increases for the well-to-do, not only the very rich, cannot be
avoided. But I somewhat trust Mr Kerry to be integer enough to make
the less popular choice of retracting on this promise and selectively
increase our taxes if the situation requires it. If we have to
restrain our present consumption to restore the fiscal balance and
solve the social security and healthcare issues for the benefit of our
kids, we should go for it. This is also part of what we can do for our
country … and for our kids.
Although he would not say a word about it now, I also trust that Mr
Kerry will reduce defense spending as soon as possible. SDI and other
high spending items would thus be relegated to the distant future,
where they belong. Again, cutting defense spending does not seem a
good measure to protect America now, but if well done, the more
selective way to spend the reduced budgets may help us focus on the
real threats, instead of diverting our forces according the special
interests of a few influential corporations.
Will Mr Kerry be a good Commander in Chief ? Well, I don't know and
there is only one way to find out.
He will definitely have a better chance to ally other nations to our
cause and he may even be the only chance we get. The Bush-Cheney
administration has thoroughly mined the field of international
If you rate Mr Bush a strong leader because he said such famous
phrases as "if you are not with us, you are against us", then you may
as well take Mr Kerry's word to "hunt and kill the terrorists,
wherever they are, whatever it takes". The rhetoric is the same and
besides the words, there is not much credential for Mr Bush as a
commander in chief, as obviously witnessed by the mess in Iraq.
I don't know if Mr Kerry will do better, but he at least still
deserves the opportunity to try. He is definitely the better choice
and he may even be a good one. Time will tell3.
Editorial notes :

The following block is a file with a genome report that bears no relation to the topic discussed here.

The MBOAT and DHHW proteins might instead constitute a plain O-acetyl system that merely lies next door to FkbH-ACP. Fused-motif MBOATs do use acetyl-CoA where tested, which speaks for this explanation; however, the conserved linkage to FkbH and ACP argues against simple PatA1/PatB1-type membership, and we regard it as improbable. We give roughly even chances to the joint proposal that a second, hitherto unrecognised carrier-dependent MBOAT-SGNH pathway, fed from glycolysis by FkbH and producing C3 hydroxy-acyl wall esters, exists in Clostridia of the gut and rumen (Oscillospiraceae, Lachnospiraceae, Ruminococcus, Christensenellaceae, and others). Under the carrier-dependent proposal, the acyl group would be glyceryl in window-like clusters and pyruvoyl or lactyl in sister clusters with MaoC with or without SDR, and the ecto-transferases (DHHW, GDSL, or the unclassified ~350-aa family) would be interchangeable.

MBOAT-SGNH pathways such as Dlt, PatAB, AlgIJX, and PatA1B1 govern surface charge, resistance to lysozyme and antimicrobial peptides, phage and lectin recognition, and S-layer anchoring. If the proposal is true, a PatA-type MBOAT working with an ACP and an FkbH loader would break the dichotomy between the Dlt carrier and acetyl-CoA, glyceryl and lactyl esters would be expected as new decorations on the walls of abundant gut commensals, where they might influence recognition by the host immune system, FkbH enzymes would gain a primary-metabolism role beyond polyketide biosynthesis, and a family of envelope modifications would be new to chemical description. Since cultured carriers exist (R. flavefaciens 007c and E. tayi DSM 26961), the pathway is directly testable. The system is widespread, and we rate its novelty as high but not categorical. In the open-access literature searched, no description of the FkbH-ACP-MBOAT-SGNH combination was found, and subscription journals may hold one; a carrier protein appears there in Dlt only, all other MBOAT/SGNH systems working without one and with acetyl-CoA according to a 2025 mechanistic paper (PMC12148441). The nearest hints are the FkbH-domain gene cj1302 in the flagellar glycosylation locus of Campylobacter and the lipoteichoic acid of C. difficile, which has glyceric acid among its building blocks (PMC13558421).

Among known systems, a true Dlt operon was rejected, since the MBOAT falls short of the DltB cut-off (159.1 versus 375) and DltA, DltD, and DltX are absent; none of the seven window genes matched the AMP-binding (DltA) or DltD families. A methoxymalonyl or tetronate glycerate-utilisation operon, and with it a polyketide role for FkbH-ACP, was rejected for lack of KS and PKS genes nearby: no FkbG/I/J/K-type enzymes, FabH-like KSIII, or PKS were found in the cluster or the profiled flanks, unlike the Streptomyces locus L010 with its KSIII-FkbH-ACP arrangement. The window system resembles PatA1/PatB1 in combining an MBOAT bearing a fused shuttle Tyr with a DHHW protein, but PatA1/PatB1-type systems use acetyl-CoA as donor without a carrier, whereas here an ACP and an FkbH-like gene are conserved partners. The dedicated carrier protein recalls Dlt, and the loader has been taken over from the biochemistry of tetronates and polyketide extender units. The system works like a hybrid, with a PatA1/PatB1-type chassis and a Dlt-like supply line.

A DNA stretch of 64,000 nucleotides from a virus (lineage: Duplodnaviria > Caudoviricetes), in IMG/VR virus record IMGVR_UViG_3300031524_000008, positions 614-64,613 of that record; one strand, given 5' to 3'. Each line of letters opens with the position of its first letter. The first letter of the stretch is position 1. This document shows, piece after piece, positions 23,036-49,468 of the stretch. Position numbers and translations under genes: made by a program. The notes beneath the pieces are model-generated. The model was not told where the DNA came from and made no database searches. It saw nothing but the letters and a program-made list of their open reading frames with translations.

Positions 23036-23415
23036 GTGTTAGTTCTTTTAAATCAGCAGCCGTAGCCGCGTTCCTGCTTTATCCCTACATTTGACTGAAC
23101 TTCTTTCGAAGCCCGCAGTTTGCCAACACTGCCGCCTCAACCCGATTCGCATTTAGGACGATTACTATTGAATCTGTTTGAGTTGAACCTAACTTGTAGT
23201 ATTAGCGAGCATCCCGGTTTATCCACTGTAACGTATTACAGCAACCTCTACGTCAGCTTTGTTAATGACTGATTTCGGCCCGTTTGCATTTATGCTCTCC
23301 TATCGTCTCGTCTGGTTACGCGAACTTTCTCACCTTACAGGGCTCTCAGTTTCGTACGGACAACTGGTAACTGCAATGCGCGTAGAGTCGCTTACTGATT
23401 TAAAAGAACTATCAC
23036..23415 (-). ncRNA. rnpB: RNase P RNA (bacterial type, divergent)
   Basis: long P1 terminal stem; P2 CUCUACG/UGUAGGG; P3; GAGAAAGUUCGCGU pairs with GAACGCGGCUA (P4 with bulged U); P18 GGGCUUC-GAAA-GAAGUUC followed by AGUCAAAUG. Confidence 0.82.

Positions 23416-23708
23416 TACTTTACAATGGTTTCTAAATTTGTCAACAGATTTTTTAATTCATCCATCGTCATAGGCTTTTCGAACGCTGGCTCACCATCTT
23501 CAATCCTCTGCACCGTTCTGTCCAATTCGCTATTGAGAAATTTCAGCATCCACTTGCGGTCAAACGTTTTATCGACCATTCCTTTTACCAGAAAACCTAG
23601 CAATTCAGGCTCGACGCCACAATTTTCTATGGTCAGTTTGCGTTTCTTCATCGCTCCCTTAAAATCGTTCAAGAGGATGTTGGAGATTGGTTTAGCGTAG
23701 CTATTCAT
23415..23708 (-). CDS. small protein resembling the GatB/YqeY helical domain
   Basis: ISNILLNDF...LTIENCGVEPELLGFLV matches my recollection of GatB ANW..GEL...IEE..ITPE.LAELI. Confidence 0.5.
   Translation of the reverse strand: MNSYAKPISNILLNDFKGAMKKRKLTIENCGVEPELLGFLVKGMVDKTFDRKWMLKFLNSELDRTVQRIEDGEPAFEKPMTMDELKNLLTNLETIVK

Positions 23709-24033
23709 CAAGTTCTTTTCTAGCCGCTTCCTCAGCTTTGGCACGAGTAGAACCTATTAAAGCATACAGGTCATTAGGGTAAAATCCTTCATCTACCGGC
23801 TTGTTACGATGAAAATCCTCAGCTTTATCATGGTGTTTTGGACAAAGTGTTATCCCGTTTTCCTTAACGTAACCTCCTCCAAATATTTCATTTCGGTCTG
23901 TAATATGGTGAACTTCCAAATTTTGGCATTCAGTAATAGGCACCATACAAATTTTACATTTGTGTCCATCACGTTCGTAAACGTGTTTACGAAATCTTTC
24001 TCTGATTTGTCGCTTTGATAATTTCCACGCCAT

1. U.S. Grant carried both his first election in 1868
and his reelection in 1872 by wide margins. He got 214 against 80
electors in 1868 and all 286 electors in 1872. But the poll of
historians in 1962 ranked him second worst of former presidents after
W. G. Harding. That bad ranking is certainly related to the widespread
corruption and favorizing of special interests during his
administration, although he himself was apparently integer.
(See : William DeGregorio "The Complete Book of U.S. Presidents")
2. Average annual stock market return for the period
1927-1998 was 11% (eleven) under Democratic administrations and just
2% (two) under Republican. GPD growth in the period 1930-2000 was 5.4%
under Democratic administrations and 1.6% under Republicans. Democrats
also rank better in many other criteria such as (lower) inflation,
(lower) budget deficits, (higher) growth of personal disposable income
and (lower) unemployment rates. Democratic presidents also had lower
growth rates for Federal spending (6.96% vs 7.57%) than Republicans,
surprisingly also and even more accentuated on non-defense spending
(8.34% vs 10.08%). So much for fiscal responsibility and the myth of
"tax and spend Democrats".
http://www.eriposte.com/economy/other/demovsrep.htm for details,
more information and full annotations as to data sources etc.)
3. The author considers himself an independent. He
was a fancier of the Kennedys, specially Bobby, whose tragic
assassination deprived us of an outstanding leader. He supported Nixon
in 1972, Gerald Ford in 1976 and sidestepped the 1980 election, as Ted
Kennedy failed to be nominated for the Democrats. He heartily
supported Ronald Reagan in 1984 and somewhat less heartily George H.
W. Bush in 1988. In 1992 he swung back to the Democrats, supporting
Bill Clinton, although with some hesitation in favor of Ross Perot. Mr
Bush was definitely no longer a choice. He enthusiastically supported
Bill Clinton for reelection in 1996 and Al Gore, whom he considers the
most qualified man for the job, in 2000. He was naturally appalled by
the way the presidency was handed to George Walker Bush in defiance of
the basic rules of democracy. He would have seen in Al Gore a better
president than in John Kerry, but he acknowledges that the latter
definitely makes a better candidate now.